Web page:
The crowd in front of the Jewish Republicans' booth didn't approach the size of those at some of the better food stands at the Israel's Independence Day celebration at Woodley Park in the San Fernando Valley. Still, it was big enough to interest me after having watched the GOP's long courtship of Jews; for years, it's been a romance that sometimes reached the engagement party but usually fell short of the chuppah.
Barbara Rosenthal of Northridge and Sharlene Basch of Westlake Village were among those working at the booth. Basch looked at my card skeptically. The name, she said, is familiar. When I told her I used to write for the Los Angeles Times, she launched an attack on the paper for being left wing. No longer employed there, I let her words wash over my head like gentle surf, relieved that I wasn't obligated to defend the place from every assault.
Rosenthal told me, "Many people have come up to this booth and asked to have their registration changed [to Republican]."
Whether she is onto a trend will depend on whether the Republicans' latest effort works. The campaign is expected to be substantial. Adam Clymer reported in The New York Times on May 25 that the Republicans have launched an intense, new effort to target traditional Democratic constituencies such as Latinos, African Americans, union members and Jews.
In Los Angeles, the Republicans will undoubtedly focus on the San Fernando Valley. Jews there have traditionally been more conservative than those on the Westside; a trend that continued in the last mayoral election when Valley Jews backed Jim Hahn, while the Westside Jewish community went for Antonio Villaraigosa, a liberal Latino who was backed by labor and talked about economic and social justice. A Los Angeles Times Poll showed that Villaraigosa carried the Westside among Jews 53 percent to 46 percent, while Hahn won among Valley Jews 57 percent to 43 percent.
Social and economic justice are code words for liberal social engineering, which has never gone over well in the Valley.
I can't forget meeting the women who started Bustop more than a quarter of a century ago to stop mandatory busing, designed to desegregate Los Angeles public schools. Many of them were Democrats whose children attended Lanai Road Elementary School. They were raised in New Deal households. But the idea of having their kids bused away from their neighborhood angered them and estranged them from liberal Jewish leaders who supported the busing plan.
The liberals attacked them as racists, but as I attended their meetings and interviewed them, I saw the issue was much more complicated than that. It went to the very heart of the Southern California dream -- a suburban home, a backyard and a neighborhood school that kids can walk to.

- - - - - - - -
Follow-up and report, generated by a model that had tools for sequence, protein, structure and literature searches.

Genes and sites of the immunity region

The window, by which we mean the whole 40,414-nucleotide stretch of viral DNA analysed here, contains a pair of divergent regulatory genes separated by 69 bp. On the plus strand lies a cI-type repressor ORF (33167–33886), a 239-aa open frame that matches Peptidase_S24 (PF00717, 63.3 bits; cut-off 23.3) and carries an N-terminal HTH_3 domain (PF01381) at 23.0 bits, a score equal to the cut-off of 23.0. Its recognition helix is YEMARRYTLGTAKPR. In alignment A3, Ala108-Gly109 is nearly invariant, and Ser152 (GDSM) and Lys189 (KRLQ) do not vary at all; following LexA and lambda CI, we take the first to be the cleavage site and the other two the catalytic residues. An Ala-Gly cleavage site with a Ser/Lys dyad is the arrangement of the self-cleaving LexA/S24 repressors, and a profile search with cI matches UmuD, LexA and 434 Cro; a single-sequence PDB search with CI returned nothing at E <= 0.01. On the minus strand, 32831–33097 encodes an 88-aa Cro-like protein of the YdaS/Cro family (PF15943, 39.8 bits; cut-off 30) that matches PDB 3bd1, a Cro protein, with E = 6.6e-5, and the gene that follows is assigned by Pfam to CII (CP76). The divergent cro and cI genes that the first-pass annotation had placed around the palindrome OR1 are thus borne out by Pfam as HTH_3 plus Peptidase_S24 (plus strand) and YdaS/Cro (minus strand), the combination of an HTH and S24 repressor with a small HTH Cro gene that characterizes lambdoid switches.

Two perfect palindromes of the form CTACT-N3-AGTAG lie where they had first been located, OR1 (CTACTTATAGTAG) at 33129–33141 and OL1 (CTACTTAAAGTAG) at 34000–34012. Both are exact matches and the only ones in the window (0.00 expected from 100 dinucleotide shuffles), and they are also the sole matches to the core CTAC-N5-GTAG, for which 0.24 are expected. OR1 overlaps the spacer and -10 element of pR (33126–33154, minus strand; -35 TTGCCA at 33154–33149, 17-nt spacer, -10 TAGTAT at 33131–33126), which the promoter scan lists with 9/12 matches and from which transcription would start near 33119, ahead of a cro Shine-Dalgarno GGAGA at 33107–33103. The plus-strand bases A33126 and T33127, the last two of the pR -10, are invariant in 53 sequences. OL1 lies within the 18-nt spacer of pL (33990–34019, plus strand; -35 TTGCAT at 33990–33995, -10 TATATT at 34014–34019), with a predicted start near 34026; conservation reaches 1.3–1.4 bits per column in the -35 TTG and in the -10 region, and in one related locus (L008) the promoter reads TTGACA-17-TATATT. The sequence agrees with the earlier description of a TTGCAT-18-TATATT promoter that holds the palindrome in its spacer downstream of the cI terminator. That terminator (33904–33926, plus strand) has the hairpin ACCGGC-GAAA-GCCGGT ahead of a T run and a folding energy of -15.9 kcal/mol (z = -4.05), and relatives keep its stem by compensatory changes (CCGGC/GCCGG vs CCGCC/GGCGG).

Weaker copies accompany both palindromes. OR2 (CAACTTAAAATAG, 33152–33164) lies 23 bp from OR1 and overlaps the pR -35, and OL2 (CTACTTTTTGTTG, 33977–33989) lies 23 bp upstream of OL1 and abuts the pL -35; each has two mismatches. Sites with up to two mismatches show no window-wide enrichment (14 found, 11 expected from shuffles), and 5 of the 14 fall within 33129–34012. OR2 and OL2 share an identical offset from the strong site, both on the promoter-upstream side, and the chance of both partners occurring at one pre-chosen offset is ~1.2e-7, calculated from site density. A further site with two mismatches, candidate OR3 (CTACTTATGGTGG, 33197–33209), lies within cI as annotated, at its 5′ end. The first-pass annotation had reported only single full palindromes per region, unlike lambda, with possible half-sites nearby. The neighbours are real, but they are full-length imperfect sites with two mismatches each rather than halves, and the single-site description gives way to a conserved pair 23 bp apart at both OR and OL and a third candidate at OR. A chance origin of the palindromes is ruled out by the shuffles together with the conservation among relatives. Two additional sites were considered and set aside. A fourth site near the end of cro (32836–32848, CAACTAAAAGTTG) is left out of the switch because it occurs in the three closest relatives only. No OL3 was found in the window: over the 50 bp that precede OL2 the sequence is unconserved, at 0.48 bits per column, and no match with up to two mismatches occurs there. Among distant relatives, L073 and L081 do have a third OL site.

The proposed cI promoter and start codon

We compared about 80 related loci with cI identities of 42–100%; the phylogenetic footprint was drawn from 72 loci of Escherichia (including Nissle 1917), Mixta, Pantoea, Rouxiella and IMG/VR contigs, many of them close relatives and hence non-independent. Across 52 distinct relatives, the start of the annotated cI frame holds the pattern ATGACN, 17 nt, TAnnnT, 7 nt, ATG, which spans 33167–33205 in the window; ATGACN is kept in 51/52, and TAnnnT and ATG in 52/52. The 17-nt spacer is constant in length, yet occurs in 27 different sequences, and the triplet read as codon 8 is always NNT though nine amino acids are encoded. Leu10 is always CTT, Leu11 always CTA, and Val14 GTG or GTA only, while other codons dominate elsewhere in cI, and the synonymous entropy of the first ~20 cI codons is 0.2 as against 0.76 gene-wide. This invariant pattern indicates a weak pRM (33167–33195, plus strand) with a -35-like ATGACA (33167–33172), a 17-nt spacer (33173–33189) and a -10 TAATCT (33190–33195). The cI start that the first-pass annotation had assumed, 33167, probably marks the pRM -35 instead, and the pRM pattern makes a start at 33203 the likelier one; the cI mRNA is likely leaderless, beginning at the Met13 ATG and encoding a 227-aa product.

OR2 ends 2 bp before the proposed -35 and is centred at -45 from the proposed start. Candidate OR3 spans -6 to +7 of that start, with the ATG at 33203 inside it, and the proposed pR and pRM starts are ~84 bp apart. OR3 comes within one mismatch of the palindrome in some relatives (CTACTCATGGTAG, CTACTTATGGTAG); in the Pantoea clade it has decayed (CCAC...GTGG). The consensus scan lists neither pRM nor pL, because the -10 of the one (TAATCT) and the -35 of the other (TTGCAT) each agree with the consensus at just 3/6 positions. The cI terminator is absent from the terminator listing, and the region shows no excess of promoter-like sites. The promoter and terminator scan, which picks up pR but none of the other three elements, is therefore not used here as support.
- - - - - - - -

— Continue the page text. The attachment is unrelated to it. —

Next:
I talked to Arnold Steinberg, a writer and political strategist, who advised Bustop and organized a campaign that elected five members to the Los Angeles Board of Education, including Bustop leaders Bobbi Fiedler and Roberta Weintraub.
"Some new people came into the conservative movement through busing, so there were numerous people who were in the civil rights movement, who just thought busing was awful," he said.
Steinberg grew up in the Fairfax district when it was a cauldron of Democratic partisan politics. He survived "people calling you names and so on" while campaigning for Barry Goldwater for president on the streets of Fairfax. He moved East, worked for Sen. Jim Buckley (R-N.Y.) and became part of a conservative movement that eventually became a dominant force in American politics.
"Regardless of the rank-and-file Jewish participation in conservative politics, they have always been represented in the leadership disproportionately," he said.
Steinberg saw that the ideas espoused by these leaders could resonate with a Jewish rank and file to whom the New Deal was an increasingly distant memory.
There have been milestones in L.A. Jews' drift away from liberalism. An important event was Proposition 13, the 1978 property tax cut measure, which had its roots in the San Fernando Valley. "The Federation opposed it, but there was another side of the community who owned homes and who were seniors," Steinberg said. Another milestone was Fiedler's defeat of liberal Democratic incumbent Rep. Jim Corman in the East Valley, then the home of many Jews with working-class roots.
Having seen a promising Jews for Nixon movement evaporate after Watergate, Steinberg hesitates to make predictions. There is, he said "an incremental change, an evolutionary change."
That evolution has more to do with foreign policy than local politics. Barring a deep recession, Israel will suck up the Jewish community's energies during these next crucial months. I could see that at a booth at the Israel Independence Day celebration run by Democratic Jews strongly supporting Israel. I talked to attorney Paul Kujawsky of Studio City, a Democrat. He recognizes the Republican potential in the Valley, especially among Russian, Persian and Israeli immigrants who see the Republicans "as being more realistic" about events overseas.
That is why Kujawsky believes in a "Democratic Party with a muscular foreign policy."
My common sense told me he was right. Looking around at the many booths filled with advocates for a strong stand for Israel -- and no doubt in the rest of the Mideast -- I felt that Kujawsky knows the Jewish Valley as well as any Republican.
Bill Boyarsky's column on Jews and civic life will appear in this space the first Friday of each month. Until leaving the Los Angeles Times in 2001, Boyarsky worked as a political correspondent, a metro columnist for nine years and as city editor for three years. You can reach him at email@example.com.
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